Decide how you want to react to things – from the Seven Habits of Highly Effective People: “you can’t control everything that happens, but you can always control how you react to them.”
My (chosen) default response to most things: “meh.” Celebrate victories and learn from defeats, but don’t dwell on either.
Find the upsides – as mentioned earlier, every day risks offer very little for us to be afraid of beyond mild embarrassment and maybe some financial / temporal setbacks here in the comfortable first world. So look at your opportunities, even the small ones, and use the upside as your primary decision making metric, rather than fear of failure. You’ll make bolder, better decisions that your 80-year-old self will appreciate.
Find the things you like about yourself, then show them off – there’s an engaging, interesting person inside all of us. Find him or her and let the rest of the world in. Me? I’m pretty sure I can make just about anyone laugh.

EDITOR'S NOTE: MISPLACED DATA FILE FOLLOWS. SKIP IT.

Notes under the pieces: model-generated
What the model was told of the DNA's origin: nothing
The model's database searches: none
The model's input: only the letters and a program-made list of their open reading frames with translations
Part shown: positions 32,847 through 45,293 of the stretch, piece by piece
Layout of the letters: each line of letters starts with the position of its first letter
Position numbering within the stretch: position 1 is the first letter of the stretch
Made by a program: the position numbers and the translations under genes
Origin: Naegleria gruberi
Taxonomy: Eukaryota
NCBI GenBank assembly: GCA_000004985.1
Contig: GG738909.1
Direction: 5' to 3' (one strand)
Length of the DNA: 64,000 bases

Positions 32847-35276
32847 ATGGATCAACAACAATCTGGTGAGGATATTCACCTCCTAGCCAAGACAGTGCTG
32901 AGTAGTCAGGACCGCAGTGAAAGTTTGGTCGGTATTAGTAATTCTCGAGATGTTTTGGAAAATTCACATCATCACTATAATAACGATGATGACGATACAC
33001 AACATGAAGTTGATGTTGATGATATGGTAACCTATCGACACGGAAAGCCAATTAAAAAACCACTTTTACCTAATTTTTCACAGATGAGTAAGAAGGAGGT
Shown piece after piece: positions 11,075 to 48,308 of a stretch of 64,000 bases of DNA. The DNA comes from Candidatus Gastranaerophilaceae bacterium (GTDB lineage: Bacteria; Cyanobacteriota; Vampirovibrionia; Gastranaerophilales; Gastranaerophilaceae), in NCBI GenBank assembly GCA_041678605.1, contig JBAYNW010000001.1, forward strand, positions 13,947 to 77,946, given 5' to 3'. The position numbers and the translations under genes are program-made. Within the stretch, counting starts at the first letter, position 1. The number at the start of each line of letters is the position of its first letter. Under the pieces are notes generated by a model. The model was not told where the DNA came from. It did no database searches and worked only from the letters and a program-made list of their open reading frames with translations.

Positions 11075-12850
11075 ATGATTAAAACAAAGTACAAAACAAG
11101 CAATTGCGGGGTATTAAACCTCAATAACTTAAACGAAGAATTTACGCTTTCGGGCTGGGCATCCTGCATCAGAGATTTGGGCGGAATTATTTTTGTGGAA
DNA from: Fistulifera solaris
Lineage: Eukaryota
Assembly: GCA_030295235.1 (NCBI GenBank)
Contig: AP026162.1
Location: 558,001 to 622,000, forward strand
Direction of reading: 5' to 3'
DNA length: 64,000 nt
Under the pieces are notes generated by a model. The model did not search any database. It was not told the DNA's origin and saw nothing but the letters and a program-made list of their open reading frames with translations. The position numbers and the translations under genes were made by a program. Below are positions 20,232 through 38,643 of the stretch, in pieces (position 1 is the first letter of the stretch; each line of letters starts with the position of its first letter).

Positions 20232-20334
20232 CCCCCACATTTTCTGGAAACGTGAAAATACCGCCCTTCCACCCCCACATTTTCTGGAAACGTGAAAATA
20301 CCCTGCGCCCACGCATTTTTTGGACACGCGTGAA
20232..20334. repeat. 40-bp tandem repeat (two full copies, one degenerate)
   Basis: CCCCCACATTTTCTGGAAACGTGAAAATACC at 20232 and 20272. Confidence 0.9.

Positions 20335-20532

So even though this post makes me feel a little vulnerable and reads like dust jacket of a self-help book, I’m publishing it anyway. If it helps someone else find their stride, that’s all that matters to me.
Nothing ventured, nothing gained.
If you enjoyed this post, make sure you subscribe to my RSS feed!
It was about four or five years ago that I had an intrinsic need to be “right” all the time.
I couldn’t let it go when someone made a mistake, or slighted me, or disputed the quality / direction of my work. Everyone else was wrong. I wasn’t alone in this regard either: a number of the people around me did the same thing.